Rick Marschall's comics collection - the history of it all is held by the 'komics konnoisseur'
Nobody has a comics collection quite like Rick Marschall, and he loves to celebrate its history
Paul Fraser Collectibles, Wednesday 18 January 2011
Rick Marschall (born 1949) is the author or editor of more than 62 books and hundreds of magazine articles, mostly about popular culture with many on comics history (though the exceptions included a book on JS Bach).
A former editorial cartoonist, he served as comics editor at three newspaper syndicates. Marschall was also an editor at Marvel Comics, where he founded of Epic Magazine, and a writer for Disney comics.
Recipient of many awards for his projects including the Eisner, Harvey, and Friend of Fandom awards in the US; the RTL award in France; the Max und Moritz Prize in Germany; and the Torre Giunigi and Yellow Kid awards in Italy, Marschall has been the American representative of the Lucca, ExpoCartoon (Rome) and Angouleme comics festivals, and has worked for several European graphic novel publishers, including as Vice President of Dargaud USA.
He was consultant to the US Postal Service for the 20-stamp set of commemoratives marking the comic strip's centennial and has taught various popular culture and comics classes at the School of Visual Arts, Rutgers University, the Philadelphia College of Art (now University of the Arts), and the Summer Institute for the Gifted at Bryn Mawr University.
Marschall owns what is arguably the nation's largest private collection of comics and cartoon archives. He has used it to document the history of comic strips in two magazines he edited: Nemo, the Classic Comics Library and Hogan's Alley.
It is a collection comprised of thousands of original drawings; complete runs of newspaper comics beginning in 1893; complete runs of the major cartoon and humor magazines from American and Europe; comic books and reprint comics and graphic novels.
There are also political cartoons and protest graphics, specialty collections including posters, ads, toys and games, post cards and greeting cards, pinbacks; cartoonist letters and sketches; biographies and anthologies.
It is of course impossible to summarise the Marschall collection. But one item, soon to come up for auction in Texas, gives a feel for its style and quality.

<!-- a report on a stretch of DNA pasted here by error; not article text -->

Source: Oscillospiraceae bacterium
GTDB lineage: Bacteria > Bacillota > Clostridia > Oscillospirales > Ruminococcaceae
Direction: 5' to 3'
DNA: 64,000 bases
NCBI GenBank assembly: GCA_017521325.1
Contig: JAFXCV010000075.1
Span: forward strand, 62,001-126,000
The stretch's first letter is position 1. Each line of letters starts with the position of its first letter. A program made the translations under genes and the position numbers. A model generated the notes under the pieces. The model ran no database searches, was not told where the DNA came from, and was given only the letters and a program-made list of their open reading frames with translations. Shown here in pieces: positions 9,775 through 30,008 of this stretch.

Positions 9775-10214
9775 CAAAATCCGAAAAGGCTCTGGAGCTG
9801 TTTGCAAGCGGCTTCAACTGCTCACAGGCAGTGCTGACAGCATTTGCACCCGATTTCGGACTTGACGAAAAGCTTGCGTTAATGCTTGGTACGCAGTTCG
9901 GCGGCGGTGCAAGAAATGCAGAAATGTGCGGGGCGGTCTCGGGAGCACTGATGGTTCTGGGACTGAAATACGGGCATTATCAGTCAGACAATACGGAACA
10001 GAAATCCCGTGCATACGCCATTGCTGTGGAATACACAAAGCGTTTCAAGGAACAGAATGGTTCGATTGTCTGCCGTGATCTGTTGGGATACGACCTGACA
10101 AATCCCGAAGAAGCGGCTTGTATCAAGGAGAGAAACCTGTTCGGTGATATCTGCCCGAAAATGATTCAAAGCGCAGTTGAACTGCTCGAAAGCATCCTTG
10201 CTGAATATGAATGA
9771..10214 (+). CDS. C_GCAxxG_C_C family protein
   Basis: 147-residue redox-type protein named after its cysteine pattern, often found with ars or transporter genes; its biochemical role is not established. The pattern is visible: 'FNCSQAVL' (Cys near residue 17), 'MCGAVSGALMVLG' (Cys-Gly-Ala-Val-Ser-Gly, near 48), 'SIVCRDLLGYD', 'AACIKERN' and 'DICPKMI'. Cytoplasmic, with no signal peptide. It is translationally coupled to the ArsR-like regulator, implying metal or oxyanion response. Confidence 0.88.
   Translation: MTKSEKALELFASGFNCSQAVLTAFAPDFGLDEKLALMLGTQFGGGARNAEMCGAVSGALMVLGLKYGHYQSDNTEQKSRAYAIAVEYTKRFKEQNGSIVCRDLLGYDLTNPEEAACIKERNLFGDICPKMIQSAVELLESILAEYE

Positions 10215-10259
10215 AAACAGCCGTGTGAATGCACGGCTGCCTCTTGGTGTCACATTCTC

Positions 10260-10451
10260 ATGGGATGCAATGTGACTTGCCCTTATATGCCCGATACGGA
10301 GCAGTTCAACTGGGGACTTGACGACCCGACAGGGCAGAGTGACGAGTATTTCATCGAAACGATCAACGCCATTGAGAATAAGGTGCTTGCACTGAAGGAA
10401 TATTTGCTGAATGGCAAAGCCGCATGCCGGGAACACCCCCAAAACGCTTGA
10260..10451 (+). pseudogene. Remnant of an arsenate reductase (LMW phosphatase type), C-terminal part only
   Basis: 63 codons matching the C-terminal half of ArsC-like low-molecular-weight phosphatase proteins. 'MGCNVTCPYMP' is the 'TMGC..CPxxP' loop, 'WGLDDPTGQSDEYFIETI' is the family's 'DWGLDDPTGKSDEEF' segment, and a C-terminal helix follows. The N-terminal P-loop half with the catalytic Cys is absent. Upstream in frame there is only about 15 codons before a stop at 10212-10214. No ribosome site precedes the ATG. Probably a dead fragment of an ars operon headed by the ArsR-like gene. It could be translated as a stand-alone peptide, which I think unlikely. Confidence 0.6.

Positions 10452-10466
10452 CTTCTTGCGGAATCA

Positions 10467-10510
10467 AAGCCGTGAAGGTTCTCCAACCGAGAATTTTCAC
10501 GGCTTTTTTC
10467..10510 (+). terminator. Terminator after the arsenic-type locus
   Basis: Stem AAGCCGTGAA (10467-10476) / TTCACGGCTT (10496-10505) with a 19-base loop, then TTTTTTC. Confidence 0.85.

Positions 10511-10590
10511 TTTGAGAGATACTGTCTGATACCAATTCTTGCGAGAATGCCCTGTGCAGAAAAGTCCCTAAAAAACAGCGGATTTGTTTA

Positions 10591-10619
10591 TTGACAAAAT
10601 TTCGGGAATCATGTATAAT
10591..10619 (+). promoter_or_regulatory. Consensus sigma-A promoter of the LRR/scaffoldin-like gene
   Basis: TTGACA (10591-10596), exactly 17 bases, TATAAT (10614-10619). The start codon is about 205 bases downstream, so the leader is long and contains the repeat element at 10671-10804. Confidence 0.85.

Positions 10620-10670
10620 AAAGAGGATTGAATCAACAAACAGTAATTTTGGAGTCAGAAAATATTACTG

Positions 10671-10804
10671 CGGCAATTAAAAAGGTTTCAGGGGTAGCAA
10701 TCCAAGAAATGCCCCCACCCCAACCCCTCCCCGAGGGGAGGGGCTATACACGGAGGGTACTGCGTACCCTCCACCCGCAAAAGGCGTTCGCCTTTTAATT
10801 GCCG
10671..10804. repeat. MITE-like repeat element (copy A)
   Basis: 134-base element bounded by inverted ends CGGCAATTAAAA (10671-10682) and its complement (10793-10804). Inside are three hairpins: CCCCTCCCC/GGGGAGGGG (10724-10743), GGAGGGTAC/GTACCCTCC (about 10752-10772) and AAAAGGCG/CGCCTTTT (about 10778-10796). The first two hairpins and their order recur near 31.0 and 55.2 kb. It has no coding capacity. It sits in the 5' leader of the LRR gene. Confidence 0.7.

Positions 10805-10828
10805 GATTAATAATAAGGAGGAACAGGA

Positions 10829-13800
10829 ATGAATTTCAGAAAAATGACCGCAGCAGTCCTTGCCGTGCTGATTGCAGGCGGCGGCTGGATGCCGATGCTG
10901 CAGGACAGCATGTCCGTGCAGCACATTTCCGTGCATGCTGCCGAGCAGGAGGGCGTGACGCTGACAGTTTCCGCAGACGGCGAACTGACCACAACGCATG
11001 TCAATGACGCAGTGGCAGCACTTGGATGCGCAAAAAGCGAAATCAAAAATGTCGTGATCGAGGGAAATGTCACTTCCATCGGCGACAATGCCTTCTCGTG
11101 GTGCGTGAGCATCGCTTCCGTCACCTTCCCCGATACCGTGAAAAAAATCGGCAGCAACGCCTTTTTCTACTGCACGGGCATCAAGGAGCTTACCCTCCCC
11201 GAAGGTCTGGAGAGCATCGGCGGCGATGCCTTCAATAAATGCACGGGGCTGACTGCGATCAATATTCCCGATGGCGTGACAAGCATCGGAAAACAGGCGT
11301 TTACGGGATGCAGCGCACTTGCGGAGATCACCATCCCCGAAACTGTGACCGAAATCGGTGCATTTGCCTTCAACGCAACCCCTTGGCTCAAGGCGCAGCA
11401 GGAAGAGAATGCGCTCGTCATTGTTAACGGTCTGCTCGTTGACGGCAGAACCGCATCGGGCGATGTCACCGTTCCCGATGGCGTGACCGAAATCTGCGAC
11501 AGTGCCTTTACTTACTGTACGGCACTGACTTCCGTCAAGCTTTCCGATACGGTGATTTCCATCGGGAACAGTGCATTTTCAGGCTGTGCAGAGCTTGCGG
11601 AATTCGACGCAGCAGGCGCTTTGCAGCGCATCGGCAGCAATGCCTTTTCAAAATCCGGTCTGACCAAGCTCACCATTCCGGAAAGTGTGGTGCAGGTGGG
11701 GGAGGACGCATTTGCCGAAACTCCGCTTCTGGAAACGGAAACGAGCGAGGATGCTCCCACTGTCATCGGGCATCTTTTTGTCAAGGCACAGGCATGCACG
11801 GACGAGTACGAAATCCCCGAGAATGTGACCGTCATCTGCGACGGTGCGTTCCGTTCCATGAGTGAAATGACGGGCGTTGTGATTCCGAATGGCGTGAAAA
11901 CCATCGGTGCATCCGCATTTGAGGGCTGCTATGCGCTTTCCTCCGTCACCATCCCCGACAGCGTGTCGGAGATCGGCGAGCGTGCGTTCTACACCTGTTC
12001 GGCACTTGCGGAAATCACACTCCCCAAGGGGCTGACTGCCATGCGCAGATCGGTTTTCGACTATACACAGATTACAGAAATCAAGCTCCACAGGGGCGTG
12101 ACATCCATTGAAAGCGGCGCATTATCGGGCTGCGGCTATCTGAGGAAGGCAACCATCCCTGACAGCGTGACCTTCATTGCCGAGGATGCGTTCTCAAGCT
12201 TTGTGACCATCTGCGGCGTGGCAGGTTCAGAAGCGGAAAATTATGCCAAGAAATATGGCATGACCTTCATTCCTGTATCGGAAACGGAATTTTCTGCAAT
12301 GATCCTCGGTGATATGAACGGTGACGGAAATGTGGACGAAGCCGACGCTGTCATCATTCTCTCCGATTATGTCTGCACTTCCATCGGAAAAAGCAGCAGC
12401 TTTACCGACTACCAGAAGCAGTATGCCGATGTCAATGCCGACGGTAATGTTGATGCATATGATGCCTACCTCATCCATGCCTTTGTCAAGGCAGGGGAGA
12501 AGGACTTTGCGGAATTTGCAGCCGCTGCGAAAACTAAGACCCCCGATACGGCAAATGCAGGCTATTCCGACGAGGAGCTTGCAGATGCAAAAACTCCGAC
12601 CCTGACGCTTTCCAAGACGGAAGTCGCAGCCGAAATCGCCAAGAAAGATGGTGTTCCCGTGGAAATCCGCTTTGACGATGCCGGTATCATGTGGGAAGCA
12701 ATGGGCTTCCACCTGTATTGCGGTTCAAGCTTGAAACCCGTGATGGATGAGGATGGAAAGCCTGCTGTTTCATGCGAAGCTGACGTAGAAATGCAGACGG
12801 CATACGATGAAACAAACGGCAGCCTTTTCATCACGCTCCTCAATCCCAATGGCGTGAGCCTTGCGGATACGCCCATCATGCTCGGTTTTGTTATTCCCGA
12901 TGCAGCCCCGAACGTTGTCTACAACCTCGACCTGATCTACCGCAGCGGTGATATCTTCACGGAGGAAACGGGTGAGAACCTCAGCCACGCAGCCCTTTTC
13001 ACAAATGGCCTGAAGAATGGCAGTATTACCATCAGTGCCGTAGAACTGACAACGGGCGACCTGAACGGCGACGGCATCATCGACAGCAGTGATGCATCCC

This is a classic picture from the Calvin and Hobbes calendar of 1989-1990. Fans of the iconic cartoon featuring a hyperactive boy and his best friend - a stuffed tiger named Hobbes - will know that precious little memorabilia from the comic has made it onto the markets.
Bill Watterson has always avoided merchandising the philosophical comic strip, yet here is a flawless image of the pair at rest together. Watterson has inscribed the picture for Marschall, referring to him by his nickname of the 'komic konnoisseur'.
Marschall is a great example of how owning a collection can be part of preserved the history of and vitalising a medium. 2010 saw the establishment of a new line of books, Marschall Books, with Fantagraphics Books, an imprint devoted to comics, cartoons, and graphic humor.
"Marschall Books will offer a unique and wide range of comics and cartooning projects," said Fantagraphics Books publisher Gary Groth.
"The breadth and depth of Rick's historical vision is such that he will be editing anthologies of complete strips, 'Best Of' collections, critical appreciations, biographies, and some new multi-media projects."
Fans of comic and animation art should take a look at the art section of our stock, which includes offerings from Charles Schulz (Peanuts), Friz Freleng (Bugs Bunny), E H Shepard (Winnie the Pooh), Nick Park (Wallace and Gromit) and John Ryan (Captain Pugwash) amongst others.
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